4.0h tutorials
15 min setting up page
15 min journal entry
2. 1./2.3. HW2: Complete the 2D Game Kit Walkthrough, then look into how Zones 1-5 are done. Create 1-3 levels featuring what you learned and try to make that levels fun to play (1 level is expected, but you can deliver more if you need to). In other words, try the job of a level designer for that particular game (The Explorer). Don’t forget to report the result to your journal as Journal Entry 2 before next labs (8./9.3). 1.5h 2D Game Kit Walkthrough and going through the Zones
1.5h Creating your own level
3. 8./9.3. HW3: Go through Scripting Walkthrough and complete as much as you can. There will be one more lab dedicated to this walkthrough for you to finish it. The walkthrough is missing some small tasks at the end (after the WIP section), so if you complete it now, please look there also later. Don’t forget to include some notes about your progress as Journal Entry 3 in the journal. Build of the result will be uploaded later (Lab 5). 1.5 h Scripting Walkthrough
4. 15./16.3. Project A: group feedback day. Come-in person with your one page design printed. Assignment: Incorporate the feedback from your peers until Monday 21. 3. and upload the result to your dev log.
5. 22./23.3. HW3: Go through Scripting Walkthrough and finish it (at least part 4, the rest is voluntary). Upload your build and report your result as Journal Entry 4 to the journal before next labs (29./30.3.) 1.5 h Scripting Walkthrough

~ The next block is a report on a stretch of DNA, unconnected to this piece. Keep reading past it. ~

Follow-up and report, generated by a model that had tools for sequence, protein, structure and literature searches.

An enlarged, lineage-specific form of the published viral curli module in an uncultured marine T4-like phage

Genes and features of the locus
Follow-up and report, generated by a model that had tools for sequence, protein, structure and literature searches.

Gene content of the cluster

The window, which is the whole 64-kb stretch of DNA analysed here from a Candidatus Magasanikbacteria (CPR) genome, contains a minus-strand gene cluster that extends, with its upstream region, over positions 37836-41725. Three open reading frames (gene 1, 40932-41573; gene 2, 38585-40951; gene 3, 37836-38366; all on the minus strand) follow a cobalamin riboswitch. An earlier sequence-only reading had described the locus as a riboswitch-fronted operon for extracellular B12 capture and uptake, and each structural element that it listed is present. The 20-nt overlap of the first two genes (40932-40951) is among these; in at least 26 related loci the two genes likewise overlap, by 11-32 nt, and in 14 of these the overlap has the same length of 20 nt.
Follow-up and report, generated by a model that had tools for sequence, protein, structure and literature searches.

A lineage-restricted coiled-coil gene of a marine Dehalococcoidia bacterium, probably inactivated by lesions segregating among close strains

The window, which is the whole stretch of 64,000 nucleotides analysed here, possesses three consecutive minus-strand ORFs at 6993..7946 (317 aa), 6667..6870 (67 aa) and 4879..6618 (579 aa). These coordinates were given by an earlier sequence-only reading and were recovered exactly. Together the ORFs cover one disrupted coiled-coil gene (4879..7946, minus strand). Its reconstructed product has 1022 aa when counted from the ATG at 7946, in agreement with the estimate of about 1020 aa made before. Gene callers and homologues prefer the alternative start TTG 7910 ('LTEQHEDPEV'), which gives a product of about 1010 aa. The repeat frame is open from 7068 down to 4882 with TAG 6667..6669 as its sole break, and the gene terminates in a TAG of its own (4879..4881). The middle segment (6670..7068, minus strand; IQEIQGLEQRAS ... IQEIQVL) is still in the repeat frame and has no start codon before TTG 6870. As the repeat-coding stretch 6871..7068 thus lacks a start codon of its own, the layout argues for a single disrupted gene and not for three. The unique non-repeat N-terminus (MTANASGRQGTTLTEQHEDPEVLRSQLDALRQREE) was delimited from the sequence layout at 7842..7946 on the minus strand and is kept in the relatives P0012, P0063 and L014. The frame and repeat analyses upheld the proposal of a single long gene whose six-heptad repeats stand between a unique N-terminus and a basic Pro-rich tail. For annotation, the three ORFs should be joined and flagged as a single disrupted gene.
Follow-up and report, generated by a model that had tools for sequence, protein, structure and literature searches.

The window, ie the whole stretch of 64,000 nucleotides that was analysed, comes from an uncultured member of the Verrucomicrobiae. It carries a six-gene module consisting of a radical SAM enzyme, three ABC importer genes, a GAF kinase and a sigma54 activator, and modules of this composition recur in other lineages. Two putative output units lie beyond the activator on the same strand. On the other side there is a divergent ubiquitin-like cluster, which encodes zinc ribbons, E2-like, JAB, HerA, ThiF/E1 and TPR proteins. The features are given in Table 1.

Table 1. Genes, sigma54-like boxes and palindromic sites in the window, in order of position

6. 29./30.3. Project B start! Create and upload a build before labs in two weeks (12./13.4.) PDF, YT
7. 5./6.4 Juiciness in Breakout. Download Breakout clone here (w/o DOTween) or here (w/ DOTween). Documentation can be found here. Possible tasks to do can be found here.
Optional: The contest for the most juicy breakout screenshot (winner gets 5 points for the exam + the screenshot will be used next year) – submission to the Discord channel until 18. 4.
1.5 h Making Breakout more juicy
8. 12./13.4. Project B: Group playtesting session. Come-in person with the build of the game.
HW4: Prepare a “pitch” – short presentation of your game, try to lure others to play it, aim for 1-2 minutes. DL: Next Thursday! (21.4.)
9. 19./20.4. Project C start! Create and upload a build before labs in three weeks (10./11.5.) PDF,
10. 26./27.4. self-work on Project C
11. 3./4.5. self-work on Project C
12 10./11.5. Project C: Group playtesting session. Come in-person with the build of the game.
13 17./18.5 self-work on incorporating feedback into Project C

Extra links

Example Job Offers

Check some old job offers from various (even well known) gamedev companies, especially check “Requirements” sections, informative 😉

Yacht Club (July, 2020), Remedy (April, 2020), Sucker Punch (January, 2020), Insomniac Games (December, 2019), Snowcastle (December, 2019), Evening Star (November, 2019)